HR Transformation

Reimagine the employee experience.

ISG applies expertise, market data and design-thinking to help organizations navigate their unique journey to engage employees and managers in the delivery of high-quality HR services and experience. 

Nearly half of all HR transformation is focused on deploying technology levers – an integrated HCM, employee experience and workflow tools, or automation with chatbots, RPA or AI software. The other half concentrates on service delivery levers that redesign processes and roles carried out by shared services, centers of expertise and business partners. 

ISG can support you in building a strategy, executing your plan or optimizing existing capabilities, whether you want to transform all of HR, focus on operations, or laser focus on payroll, recruiting, talent, benefits, compensation or contact center. ISG brings fact-based insights, de-mystifies trends, and applies hands-on experience to help you avoid pitfalls and ensure successful outcomes. ISG is a neutral party, well known for our ability to develop an actionable business case.

HR benchmarks and strategy assessment: Comparing your HR costs, staffing, and service levels to peer-comparator data in total and by function provides meaningful diagnosis of where you are today and  roadmaps that take you where you need to go tomorrow.

Target operating models: We use the latest in design-thinking and real-world market data to help you design a target operating model, improve labor compliance and transform the role of HR.

Shared services design/optimization: Today’s shared services are built for continuous growth and improvement. Reach out to an ISG advisor to understand what’s new, what’s next, and where you will get the greatest return as you seek ways to keep up with the rapid rate of change in the market.

Retained organization size and role definition: Mobile, direct access and shared services change the employee experience and introduce the need to revisit the roles, escalations, and handoffs within HR. Redraw and refocus HR responsibilities, right-size roles, uplift capabilities, and upskill resources with ISG as your trusted advisor.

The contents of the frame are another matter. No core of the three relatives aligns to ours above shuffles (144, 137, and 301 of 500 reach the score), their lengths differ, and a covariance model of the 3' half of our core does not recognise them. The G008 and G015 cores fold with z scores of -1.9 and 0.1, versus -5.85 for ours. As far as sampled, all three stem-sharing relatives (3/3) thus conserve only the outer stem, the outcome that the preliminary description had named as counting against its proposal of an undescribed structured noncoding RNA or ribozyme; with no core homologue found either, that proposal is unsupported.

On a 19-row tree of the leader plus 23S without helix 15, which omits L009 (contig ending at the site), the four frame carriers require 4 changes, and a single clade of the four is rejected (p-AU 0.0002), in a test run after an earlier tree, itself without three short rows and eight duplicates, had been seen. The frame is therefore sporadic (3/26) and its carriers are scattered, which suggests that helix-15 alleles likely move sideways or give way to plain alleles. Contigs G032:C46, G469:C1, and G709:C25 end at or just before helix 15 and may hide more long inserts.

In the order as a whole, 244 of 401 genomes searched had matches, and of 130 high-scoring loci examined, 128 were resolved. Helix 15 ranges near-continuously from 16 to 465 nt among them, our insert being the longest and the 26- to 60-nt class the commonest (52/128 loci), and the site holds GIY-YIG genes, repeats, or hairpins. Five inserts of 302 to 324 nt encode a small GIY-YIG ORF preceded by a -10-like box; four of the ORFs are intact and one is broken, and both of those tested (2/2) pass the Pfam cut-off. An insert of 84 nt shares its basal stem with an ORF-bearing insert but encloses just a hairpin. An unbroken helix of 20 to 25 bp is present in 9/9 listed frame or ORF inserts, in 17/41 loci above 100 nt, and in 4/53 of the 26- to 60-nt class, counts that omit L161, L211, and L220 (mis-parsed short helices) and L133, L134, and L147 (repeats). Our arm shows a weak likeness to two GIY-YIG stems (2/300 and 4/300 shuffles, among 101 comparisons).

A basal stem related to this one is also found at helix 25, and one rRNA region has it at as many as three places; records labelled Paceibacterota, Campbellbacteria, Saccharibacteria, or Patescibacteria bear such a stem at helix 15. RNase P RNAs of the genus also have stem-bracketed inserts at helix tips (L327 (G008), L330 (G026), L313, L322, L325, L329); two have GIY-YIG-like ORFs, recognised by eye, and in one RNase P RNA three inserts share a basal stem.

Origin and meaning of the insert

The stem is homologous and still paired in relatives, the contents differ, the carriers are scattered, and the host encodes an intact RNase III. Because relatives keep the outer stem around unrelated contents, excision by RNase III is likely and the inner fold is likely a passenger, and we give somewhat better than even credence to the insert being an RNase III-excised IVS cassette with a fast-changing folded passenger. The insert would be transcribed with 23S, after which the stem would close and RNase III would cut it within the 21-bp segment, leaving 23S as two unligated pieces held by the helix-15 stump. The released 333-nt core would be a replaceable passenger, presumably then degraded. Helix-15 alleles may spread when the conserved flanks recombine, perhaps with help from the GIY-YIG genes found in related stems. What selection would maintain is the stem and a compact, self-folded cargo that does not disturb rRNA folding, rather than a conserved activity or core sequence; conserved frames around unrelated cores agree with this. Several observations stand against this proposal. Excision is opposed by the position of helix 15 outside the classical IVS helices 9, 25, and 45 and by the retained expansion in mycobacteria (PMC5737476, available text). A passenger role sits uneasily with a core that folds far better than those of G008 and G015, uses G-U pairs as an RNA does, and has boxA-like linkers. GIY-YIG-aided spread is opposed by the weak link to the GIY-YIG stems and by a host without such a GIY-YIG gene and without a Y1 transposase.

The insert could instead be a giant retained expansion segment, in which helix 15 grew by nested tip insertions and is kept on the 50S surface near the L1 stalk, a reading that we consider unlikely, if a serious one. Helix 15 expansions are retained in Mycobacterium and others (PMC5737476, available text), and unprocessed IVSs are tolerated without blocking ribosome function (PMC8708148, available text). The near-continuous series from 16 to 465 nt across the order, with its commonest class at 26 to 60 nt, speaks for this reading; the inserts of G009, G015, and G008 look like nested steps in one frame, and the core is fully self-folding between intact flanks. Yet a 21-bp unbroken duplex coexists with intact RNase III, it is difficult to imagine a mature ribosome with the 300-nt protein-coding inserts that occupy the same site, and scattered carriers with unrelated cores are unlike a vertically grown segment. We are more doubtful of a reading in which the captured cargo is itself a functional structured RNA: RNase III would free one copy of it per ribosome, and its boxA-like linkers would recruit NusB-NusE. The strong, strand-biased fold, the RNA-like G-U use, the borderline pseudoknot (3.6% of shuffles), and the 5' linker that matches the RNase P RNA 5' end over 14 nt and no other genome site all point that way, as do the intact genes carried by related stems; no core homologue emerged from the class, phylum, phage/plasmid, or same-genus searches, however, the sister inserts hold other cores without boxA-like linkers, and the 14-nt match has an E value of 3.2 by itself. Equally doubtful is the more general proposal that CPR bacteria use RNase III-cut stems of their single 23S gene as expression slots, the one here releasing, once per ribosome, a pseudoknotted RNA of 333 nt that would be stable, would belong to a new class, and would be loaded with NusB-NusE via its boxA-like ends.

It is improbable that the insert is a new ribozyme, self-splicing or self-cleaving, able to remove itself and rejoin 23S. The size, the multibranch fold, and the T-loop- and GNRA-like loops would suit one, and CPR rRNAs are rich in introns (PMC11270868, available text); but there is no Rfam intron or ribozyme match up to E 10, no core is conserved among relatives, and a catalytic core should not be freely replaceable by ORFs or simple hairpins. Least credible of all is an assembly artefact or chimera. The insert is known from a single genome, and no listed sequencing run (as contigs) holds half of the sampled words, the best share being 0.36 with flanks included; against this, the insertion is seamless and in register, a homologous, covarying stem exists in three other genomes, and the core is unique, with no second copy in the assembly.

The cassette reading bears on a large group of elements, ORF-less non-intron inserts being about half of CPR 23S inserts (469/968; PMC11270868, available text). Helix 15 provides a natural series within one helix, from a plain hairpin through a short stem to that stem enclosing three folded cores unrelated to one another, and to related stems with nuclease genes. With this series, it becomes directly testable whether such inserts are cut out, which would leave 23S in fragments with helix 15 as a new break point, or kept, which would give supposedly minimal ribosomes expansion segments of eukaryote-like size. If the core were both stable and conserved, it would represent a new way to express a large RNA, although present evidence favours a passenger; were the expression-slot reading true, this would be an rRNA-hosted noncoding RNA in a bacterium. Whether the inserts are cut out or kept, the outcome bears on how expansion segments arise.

Process optimization and automation roadmap: Making your way through inconsistent HR processes and systems in a cost-effective way can be a struggle.  Plan your enhancements in waves, or leapfrog gaps in technology or automation. Seasoned experts at ISG can recommend ways to optimize and automate processes that will leverage best practices and priorities to best suit your objectives. 

Workforce strategy and labor compliance: Along with process and technology, people remain a critical ingredient in the workplace of the future. ISG advises companies seeking new ways to attract, develop and retain talent. The new digital fabric can revolutionize hiring, target solutions for difficult positions, and blur the lines between employees, contractors and freelancers. As labor compliance becomes increasingly complex, ISG suggests ways to protect your workforce and avoid consequences from complex employment requirements.

The HR Organization of the Future – Becoming an Agile HR Organization


In the first installment of this two-part series, we began exploring how the four foundational pillars of HR service delivery – people, process, technology and governance – can be used to optimize the employee experience. In this article, we will explore how HR organizations are building on the people and governance pillars to become more Agile.

Before we start discussing how HR can become more Agile, we should address what it means to be Agile. Agile operating methods emphasize interaction, collaboration and rapid response to change. Agile represents a shift away from traditional top-down planning and waterfall project management practices, and toward continuous innovation and delivery. It is a collaborative way of working, with a propensity toward action so organizations can quickly introduce, adjust and iterate as they work to solve a problem or improve a process.

For an organization to adopt Agile methodology, it must empower its employees to apply Agile project management methods that embrace change, failure and correction throughout the process. It must accept repeated failure as a means to achieving success. This is a dramatically different and initially uncomfortable way of working for many HR organizations, which typically use engrained project management practices and methodologies. Because of this initial discomfort, organizations may choose to be selective in when and how they first introduce Agile methods.